In comes Nickserv to save the day – it’s a bot of sorts that Freenode runs on its IRC network that registers nicknames and provides an authentication system to password protect those names. Someone can still take your nick if you’re offline, but if you’ve registered it, you can use your password and Nickserv to knock them off so you can reclaim your nick.

Yes, IRC definitely has a kind of a weird and rather quaint authentication system. Our challenge is getting people through it to be able to participate without having to worry about it!

Configuration Questions

“Well, wait,” you ask. “If they aren’t even aware of it, how do they set their nickserv password? What if they want to ‘graduate’ to a non-hubs IRC client and need their nickserv password? What is they want to change their password?”

I considered having Hubs silently auto-generate a nickserv password and managing that on its own, potentially with a way of viewing / changing this password in user settings. I opted to provide a way to create their own password, ultimately deciding that silently generating it, they wouldn’t be aware it existed, and may end up confused if they tried a different client and might post their FAS password over non-SSL plaintext IRC…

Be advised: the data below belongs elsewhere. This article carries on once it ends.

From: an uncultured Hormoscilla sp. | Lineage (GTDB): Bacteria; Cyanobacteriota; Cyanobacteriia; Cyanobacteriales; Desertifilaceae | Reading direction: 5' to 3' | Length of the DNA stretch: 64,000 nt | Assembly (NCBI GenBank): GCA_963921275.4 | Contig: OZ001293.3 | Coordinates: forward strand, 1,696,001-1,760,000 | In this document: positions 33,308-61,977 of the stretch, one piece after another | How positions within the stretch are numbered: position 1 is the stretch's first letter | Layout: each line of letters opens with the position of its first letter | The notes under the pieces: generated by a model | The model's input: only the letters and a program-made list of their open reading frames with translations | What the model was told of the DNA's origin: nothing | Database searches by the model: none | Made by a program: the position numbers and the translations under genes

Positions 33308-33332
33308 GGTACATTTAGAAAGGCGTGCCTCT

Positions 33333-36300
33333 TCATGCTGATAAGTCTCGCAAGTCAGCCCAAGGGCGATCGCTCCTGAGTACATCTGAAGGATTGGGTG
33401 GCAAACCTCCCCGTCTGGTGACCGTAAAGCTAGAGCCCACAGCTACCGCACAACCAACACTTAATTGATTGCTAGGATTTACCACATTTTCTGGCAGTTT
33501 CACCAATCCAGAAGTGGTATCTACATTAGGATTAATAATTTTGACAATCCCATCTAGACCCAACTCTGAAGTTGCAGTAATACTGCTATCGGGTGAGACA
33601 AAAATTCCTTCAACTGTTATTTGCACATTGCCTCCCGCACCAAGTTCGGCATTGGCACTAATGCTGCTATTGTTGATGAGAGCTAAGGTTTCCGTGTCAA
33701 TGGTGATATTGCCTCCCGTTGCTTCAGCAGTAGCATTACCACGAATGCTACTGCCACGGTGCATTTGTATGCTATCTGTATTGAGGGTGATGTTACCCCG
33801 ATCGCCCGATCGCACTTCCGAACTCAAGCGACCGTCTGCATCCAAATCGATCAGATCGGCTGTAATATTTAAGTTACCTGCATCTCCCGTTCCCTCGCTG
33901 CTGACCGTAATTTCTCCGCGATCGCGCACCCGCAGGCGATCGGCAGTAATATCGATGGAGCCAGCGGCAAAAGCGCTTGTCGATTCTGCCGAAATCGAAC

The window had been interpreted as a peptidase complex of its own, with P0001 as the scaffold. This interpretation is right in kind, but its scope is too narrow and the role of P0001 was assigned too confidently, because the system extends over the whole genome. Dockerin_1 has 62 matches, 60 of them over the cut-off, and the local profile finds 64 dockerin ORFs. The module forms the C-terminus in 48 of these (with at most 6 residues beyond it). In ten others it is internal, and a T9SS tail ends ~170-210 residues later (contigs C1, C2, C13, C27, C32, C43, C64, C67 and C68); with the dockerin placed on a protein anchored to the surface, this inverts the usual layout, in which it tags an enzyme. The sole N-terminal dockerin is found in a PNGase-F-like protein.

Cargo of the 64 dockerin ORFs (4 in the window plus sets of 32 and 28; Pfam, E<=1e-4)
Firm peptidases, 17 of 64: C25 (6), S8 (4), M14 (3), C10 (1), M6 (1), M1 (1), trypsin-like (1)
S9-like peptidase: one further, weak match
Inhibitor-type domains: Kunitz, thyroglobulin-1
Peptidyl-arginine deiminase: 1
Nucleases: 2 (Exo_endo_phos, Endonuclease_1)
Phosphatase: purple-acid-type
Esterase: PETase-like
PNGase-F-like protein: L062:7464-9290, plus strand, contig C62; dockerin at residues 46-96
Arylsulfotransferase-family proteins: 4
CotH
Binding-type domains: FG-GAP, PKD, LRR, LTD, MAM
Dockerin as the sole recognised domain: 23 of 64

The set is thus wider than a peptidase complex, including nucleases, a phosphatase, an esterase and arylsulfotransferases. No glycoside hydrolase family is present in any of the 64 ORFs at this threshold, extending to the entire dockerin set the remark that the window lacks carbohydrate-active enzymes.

(Some other config we should allow eventually that we’ve discussed in the weekly hubs meetings – allowing users to use a different IRC bouncer than Hubs’ for IRC, and offering the connection details for our bouncer so they could use Hubs as a client as well as a third party client without issue.)

The Mockups

So here is an attempt to mock up the workflow of setting up IRC for a Hubs user who has never used IRC before, either on Hubs or ever. Note these do not address the case of someone new to Hubs who hasn’t enabled the RC feature but who does have a registered nick already that they have not entered into FAS – these will need modification to address that case. (Namely a link on the first screen to fill out their Nickserv auth details in settings.)